As the dye wears off, where do the nanoparticles go? Jiaxing Huang, Northwestern University, CC BY-ND
Graphene is something of a celebrity in the world of nanoscale materials. Isolated in 2004 by Nobel Prize winners Andre Geim and Konstantin Novoselov, these ultrathin sheets of carbon atoms are already finding novel uses in areas like electronics, high-efficiency heating systems, water purification technologies and even golf balls. According to recent research published in the journal Chem, hair dyes can now be added to this list.
But how safe and responsible is this new use of the carbon-based wonder-material?
Northwestern University’s press release proudly announced, “Graphene finds new application as nontoxic, anti-static hair dye.” The announcement spawned headlines like “Enough with the toxic hair dyes. We could use graphene instead,” and “’Miracle material’ graphene used to create the ultimate hair dye.”
From these headlines, you might be forgiven for getting the idea that the safety of graphene-based hair dyes is a done deal. Yet having studied the potential health and environmental impacts of engineered nanomaterials for more years than I care to remember, I find such overly optimistic pronouncements worrying – especially when they’re not backed up by clear evidence.
Tiny materials, potentially bigger problems
Engineered nanomaterials like graphene and graphene oxide (the particular form used in the dye experiments) aren’t necessarily harmful. But nanomaterials can behave in unusual ways that depend on particle size, shape, chemistry and application. Because of this, researchers have long been cautious about giving them a clean bill of health without first testing them extensively. And while a large body of research to date doesn’t indicate graphene is particularly dangerous, neither does it suggest it’s completely safe.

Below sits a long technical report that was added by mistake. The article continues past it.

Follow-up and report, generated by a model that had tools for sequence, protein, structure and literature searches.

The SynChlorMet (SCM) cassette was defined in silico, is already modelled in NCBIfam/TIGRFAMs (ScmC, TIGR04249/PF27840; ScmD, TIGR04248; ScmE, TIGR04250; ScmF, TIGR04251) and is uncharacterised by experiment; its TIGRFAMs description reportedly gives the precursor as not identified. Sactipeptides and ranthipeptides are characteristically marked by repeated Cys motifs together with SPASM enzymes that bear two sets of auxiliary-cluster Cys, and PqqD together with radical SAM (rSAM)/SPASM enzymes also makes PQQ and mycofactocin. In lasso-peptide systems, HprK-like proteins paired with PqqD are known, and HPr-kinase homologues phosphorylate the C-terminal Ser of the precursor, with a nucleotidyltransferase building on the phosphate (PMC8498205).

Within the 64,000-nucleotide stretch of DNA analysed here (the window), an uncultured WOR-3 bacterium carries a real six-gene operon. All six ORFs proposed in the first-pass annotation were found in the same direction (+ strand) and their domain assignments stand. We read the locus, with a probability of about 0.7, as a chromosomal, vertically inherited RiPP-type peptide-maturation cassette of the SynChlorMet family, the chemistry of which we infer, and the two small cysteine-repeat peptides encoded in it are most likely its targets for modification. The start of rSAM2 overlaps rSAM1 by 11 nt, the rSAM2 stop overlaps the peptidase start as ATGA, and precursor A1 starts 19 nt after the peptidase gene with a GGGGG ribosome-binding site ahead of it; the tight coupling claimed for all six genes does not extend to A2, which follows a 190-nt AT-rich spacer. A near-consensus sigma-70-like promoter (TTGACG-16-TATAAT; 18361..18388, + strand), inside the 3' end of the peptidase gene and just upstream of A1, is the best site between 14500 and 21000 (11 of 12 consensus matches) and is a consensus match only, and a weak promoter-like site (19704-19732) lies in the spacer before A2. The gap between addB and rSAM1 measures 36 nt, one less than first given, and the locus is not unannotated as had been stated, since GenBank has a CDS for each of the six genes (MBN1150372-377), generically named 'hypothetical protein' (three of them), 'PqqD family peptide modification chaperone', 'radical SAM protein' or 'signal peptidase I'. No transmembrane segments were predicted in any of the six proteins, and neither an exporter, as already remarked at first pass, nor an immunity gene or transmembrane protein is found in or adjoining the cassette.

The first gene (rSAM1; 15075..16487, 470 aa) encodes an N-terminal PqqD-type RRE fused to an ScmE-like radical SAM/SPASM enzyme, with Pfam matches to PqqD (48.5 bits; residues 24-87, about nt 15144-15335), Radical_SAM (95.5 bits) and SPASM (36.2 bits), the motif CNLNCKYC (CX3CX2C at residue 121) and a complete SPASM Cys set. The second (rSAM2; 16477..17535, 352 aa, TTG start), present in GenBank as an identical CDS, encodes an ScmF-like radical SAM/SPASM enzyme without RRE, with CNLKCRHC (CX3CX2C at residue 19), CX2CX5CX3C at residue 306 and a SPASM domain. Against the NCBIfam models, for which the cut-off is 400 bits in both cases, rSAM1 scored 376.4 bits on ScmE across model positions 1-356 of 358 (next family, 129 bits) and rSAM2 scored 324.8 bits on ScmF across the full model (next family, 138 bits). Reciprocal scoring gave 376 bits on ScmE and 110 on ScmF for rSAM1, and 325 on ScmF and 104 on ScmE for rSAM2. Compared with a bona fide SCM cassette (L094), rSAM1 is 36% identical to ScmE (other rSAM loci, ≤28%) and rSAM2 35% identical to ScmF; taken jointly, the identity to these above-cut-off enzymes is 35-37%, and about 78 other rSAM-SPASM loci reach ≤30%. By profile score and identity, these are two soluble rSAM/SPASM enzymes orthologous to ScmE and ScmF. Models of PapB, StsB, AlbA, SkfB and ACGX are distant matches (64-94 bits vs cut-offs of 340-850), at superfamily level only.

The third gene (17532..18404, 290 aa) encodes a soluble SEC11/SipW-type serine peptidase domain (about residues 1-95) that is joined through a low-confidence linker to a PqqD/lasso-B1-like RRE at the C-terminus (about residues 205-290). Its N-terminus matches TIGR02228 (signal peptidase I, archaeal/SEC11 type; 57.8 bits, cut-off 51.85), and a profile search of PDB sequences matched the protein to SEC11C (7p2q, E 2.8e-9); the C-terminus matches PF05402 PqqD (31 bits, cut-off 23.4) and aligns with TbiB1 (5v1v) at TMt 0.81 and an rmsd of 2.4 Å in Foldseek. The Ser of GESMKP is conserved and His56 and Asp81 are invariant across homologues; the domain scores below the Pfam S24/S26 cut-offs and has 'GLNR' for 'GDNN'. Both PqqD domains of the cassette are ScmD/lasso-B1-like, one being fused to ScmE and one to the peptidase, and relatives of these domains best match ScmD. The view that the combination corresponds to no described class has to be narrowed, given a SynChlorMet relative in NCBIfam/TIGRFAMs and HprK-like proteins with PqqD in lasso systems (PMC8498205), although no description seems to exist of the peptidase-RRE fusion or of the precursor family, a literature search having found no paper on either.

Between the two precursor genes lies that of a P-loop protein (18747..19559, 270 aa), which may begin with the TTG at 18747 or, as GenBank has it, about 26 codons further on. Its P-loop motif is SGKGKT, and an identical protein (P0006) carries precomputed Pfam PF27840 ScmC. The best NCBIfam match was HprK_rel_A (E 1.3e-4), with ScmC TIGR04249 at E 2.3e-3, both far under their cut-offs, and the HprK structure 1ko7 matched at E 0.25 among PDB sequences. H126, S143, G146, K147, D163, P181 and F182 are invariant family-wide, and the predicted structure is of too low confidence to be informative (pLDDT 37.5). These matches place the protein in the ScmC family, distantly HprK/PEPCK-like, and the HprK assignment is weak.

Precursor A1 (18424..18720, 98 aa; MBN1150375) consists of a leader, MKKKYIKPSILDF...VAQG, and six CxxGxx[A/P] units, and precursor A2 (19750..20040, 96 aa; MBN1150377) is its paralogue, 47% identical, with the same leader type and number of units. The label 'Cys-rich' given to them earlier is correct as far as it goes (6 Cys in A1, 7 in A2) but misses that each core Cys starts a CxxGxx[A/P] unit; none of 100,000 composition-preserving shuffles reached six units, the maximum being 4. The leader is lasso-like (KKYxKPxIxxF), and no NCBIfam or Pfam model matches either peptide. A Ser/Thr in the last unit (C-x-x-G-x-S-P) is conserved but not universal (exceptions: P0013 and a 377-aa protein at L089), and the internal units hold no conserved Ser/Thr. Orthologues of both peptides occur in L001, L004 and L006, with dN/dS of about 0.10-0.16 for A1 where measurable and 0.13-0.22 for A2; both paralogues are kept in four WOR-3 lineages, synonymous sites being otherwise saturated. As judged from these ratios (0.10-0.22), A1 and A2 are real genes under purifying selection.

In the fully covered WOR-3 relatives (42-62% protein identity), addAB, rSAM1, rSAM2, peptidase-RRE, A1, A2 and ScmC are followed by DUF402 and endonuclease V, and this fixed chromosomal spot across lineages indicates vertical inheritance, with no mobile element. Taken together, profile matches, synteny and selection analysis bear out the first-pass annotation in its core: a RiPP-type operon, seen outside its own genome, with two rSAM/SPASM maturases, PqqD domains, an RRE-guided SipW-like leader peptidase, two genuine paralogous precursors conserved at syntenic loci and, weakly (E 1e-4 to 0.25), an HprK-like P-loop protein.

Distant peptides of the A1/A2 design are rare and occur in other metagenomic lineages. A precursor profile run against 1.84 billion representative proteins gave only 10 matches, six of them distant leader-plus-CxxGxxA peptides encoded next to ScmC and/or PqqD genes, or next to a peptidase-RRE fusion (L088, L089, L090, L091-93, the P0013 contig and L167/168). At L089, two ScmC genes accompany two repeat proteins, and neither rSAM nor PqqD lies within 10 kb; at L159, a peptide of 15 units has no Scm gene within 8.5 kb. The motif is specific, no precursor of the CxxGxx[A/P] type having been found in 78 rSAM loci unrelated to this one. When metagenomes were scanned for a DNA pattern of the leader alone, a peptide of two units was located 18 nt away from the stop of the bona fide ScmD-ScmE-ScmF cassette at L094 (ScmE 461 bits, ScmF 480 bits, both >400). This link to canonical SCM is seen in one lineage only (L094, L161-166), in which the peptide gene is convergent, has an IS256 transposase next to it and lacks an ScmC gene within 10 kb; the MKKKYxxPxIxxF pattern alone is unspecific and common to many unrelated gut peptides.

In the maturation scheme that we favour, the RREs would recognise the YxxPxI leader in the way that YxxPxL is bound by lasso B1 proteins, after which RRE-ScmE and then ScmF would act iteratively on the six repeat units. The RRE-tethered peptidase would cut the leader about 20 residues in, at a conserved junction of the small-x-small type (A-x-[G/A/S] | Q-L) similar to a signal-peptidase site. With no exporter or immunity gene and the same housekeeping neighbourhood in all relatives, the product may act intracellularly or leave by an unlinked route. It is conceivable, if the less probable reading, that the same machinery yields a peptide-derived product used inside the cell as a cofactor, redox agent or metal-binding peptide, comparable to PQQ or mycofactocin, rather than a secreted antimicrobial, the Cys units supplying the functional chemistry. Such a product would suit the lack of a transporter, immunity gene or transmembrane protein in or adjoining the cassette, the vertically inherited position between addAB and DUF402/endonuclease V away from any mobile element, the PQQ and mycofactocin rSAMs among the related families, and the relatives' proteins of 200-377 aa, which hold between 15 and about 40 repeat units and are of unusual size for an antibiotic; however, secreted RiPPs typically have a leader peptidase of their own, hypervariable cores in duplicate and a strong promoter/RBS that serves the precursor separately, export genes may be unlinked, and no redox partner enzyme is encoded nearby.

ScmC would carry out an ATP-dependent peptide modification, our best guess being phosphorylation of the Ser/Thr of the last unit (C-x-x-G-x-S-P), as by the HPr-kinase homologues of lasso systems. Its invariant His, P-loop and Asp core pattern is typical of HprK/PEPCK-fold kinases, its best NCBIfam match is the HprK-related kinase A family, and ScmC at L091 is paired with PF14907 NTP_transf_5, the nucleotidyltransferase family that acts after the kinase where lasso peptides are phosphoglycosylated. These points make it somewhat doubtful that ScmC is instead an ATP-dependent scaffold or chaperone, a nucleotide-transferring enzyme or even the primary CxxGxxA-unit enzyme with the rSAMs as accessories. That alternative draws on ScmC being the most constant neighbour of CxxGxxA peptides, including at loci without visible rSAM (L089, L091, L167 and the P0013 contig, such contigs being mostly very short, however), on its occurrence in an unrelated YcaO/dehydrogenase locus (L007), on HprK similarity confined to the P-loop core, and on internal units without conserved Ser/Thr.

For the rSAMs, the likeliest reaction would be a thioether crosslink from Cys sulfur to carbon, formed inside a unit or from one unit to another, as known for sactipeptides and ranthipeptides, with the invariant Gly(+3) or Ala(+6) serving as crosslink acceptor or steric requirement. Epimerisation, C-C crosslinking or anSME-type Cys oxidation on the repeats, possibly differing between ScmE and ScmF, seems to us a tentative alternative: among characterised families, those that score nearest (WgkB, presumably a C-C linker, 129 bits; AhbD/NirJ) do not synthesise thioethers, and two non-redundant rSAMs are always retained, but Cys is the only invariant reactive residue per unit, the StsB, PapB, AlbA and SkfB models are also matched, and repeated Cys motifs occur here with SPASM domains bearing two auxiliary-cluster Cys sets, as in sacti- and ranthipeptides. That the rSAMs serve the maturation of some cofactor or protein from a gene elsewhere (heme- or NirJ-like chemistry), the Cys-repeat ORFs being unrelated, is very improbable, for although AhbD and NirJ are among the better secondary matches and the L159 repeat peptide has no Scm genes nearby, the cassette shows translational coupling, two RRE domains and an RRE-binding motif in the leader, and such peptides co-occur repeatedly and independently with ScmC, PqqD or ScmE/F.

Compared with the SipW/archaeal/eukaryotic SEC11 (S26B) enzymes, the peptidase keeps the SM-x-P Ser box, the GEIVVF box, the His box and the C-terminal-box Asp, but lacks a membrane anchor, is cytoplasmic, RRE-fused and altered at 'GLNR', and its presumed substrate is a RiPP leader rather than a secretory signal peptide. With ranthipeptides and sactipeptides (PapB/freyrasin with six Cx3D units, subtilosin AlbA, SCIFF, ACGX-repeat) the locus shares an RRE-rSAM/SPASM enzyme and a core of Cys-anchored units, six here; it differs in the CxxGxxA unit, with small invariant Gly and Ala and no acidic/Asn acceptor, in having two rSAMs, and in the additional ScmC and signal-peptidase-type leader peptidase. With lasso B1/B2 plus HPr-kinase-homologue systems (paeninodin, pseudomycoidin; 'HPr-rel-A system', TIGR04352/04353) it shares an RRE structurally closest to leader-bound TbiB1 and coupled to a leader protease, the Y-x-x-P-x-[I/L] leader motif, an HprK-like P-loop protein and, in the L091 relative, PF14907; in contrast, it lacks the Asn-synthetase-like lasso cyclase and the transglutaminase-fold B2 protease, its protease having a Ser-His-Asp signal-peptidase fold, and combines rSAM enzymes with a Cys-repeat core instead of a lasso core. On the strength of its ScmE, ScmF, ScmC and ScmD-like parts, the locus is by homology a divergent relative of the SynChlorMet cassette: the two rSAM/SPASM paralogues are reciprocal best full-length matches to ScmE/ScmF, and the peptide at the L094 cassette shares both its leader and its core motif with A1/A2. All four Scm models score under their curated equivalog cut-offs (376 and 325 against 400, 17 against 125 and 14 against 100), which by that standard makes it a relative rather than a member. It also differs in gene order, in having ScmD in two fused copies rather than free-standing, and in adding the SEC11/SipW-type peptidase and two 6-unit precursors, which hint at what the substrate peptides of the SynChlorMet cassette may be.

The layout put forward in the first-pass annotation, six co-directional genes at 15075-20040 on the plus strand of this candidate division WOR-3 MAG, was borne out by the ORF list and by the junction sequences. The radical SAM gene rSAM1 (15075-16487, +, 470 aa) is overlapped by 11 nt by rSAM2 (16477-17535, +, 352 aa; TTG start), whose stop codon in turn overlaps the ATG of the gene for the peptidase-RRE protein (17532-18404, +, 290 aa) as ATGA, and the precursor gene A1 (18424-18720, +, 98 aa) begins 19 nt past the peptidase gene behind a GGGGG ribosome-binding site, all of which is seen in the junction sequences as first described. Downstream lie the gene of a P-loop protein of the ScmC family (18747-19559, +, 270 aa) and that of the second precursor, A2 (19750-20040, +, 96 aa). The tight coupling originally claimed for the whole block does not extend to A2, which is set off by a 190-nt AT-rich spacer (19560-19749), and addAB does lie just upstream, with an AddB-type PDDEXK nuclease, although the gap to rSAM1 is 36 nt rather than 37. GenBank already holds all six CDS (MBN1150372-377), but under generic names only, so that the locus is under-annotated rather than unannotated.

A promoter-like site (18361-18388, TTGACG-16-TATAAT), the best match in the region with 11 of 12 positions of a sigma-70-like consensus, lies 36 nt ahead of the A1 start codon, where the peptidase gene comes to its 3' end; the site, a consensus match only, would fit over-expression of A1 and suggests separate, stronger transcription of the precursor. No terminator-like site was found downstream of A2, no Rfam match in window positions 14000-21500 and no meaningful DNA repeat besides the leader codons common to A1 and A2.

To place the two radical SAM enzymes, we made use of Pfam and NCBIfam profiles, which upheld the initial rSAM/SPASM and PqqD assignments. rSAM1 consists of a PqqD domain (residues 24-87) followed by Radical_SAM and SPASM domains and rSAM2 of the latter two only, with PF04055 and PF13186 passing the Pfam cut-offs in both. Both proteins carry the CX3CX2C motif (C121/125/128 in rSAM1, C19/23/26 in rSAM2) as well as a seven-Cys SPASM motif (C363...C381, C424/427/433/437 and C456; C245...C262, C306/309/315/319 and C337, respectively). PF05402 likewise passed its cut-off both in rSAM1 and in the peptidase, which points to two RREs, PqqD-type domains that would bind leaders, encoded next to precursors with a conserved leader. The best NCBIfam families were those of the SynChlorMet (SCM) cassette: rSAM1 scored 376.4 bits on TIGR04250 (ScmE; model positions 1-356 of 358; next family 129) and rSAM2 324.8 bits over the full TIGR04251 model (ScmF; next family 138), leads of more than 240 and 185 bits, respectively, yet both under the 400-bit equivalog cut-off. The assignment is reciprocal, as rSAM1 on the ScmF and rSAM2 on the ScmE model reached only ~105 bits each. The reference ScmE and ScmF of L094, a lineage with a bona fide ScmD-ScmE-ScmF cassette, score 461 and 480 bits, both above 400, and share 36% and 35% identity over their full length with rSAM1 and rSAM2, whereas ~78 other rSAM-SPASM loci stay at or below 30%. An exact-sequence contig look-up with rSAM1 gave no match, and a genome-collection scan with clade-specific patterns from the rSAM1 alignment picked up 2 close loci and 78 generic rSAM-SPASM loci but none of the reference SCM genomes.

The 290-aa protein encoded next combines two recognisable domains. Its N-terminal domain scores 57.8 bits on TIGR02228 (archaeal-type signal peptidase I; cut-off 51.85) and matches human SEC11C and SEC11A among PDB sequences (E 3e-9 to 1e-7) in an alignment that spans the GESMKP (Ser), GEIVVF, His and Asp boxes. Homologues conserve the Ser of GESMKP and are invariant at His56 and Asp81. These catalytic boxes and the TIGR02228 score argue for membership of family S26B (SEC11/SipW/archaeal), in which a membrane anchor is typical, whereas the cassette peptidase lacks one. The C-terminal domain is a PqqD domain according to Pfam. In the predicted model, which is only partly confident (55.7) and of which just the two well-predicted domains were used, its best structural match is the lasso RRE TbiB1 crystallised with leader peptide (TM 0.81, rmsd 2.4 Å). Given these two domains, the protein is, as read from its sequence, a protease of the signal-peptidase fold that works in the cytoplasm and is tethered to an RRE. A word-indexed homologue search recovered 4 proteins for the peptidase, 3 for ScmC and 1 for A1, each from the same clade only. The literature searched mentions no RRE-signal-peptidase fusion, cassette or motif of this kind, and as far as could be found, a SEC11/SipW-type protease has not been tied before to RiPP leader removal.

A quick search of scientific papers over the past few years shows that, since 2004, over 2,000 studies have been published that mention graphene toxicity; nearly 500 were published in 2017 alone.
This growing body of research suggests that if graphene gets into your body or the environment in sufficient quantities, it could cause harm. A 2016 review, for instance, indicated that graphene oxide particles could result in lung damage at high doses (equivalent to around 0.7 grams of inhaled material). Another review published in 2017 suggested that these materials could affect the biology of some plants and algae, as well as invertebrates and vertebrates toward the lower end of the ecological pyramid. The authors of the 2017 study concluded that research “unequivocally confirms that graphene in any of its numerous forms and derivatives must be approached as a potentially hazardous material.”
These studies need to be approached with care, as the precise risks of graphene exposure will depend on how the material is used, how exposure occurs and how much of it is encountered. Yet there’s sufficient evidence to suggest that this substance should be used with caution – especially where there’s a high chance of exposure or that it could be released into the environment.
Unfortunately, graphene-based hair dyes tick both of these boxes. Used in this way, the substance is potentially inhalable (especially with spray-on products) and ingestible through careless use. It’s also almost guaranteed that excess graphene-containing dye will wash down the drain and into the environment.